It’s hard to be misunderstood, underestimated, asked to fit in a box that doesn’t come naturally. Parenting gifted kids is hard. The superhero baby may be a bit of a stretch, but not much. These kids have amazing capacities to learn, analyze, and create, but they can’t do so in a vacuum.
It’s important that we find safe places – and people – in person as well as online — who listen without condemnation and then respond, “been there. I know what you’re talking about.”
We might even find some valuable help along the way.
Some people can accept quirky, can accept differing preferences, but there’s one thing that flummoxes most people: If it’s easy for them, it should be easy for you. They have a very hard time understanding why you’re struggling.
When we connect with people, even through their biographies, they can inspire and challenge us. When we read about others with similar interests who go on to do great things, that makes us more willing to try hard things as well.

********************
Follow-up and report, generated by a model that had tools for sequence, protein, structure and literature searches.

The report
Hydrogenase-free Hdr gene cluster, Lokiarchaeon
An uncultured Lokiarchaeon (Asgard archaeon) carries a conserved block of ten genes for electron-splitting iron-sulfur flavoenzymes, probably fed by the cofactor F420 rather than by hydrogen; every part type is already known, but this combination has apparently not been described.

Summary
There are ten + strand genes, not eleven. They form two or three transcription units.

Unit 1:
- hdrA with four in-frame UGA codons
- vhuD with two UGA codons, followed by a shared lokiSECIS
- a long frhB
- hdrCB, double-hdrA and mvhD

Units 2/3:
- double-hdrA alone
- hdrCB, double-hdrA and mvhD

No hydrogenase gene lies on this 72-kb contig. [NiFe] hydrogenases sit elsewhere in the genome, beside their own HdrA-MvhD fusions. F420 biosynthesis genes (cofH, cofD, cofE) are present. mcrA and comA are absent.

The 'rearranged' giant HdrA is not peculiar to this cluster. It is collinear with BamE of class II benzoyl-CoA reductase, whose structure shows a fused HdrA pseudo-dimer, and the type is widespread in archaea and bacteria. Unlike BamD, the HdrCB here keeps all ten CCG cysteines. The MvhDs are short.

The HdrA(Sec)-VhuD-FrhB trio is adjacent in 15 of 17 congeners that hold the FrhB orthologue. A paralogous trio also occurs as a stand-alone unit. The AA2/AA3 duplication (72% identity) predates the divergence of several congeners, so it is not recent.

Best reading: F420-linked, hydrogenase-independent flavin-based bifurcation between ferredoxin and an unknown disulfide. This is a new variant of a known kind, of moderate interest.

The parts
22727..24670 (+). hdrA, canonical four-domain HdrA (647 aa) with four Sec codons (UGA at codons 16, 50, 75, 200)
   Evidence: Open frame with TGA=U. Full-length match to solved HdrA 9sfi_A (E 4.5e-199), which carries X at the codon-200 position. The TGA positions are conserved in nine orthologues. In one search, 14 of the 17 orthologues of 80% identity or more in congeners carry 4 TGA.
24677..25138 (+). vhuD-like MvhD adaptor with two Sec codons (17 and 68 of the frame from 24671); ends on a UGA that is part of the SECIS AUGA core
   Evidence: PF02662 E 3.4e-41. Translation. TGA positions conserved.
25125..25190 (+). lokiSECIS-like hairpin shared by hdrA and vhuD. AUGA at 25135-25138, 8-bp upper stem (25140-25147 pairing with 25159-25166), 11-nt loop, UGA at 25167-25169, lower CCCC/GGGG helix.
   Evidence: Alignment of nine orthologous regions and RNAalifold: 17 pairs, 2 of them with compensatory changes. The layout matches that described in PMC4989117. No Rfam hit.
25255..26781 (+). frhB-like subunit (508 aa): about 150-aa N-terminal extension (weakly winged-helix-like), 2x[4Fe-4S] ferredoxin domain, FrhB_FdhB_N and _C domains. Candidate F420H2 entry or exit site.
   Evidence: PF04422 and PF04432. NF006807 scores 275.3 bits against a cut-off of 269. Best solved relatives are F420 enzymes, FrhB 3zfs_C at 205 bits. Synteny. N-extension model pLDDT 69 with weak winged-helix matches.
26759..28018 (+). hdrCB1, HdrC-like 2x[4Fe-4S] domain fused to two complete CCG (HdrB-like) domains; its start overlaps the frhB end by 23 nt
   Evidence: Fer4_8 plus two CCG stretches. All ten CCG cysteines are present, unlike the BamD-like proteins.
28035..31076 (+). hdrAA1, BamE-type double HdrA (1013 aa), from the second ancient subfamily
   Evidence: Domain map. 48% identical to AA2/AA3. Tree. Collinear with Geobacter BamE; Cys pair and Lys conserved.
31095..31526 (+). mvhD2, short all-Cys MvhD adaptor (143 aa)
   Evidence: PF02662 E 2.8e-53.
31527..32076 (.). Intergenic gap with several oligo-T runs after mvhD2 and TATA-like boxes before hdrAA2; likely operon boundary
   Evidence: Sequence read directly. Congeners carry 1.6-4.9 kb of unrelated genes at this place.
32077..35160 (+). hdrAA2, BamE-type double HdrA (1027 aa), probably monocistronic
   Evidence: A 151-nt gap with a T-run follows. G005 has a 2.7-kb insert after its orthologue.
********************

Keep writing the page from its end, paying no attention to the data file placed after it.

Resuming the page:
Every once in a while, though, a student came along who was so disenchanted by the educational system, so convinced that it was irrelevant, that he did everything possible to declare his independence.
By the time they got to me, at age 15, it was almost too late.
What can we do in the early years to help kids stay engaged and motivated so they don’t reject the system and end up failing out of school?
The early years of parenting gifted kids can be tough. You’re probably sleep-deprived, frazzled, questioning your parenting skills, asynchrony is in full force, and all around you, people are telling you to “enjoy every moment” and to “let them be little”. Meanwhile, you’re wondering what in the world you’re going to do with a 4 year old who reads a math dictionary for fun while his friends are playing pirates and house.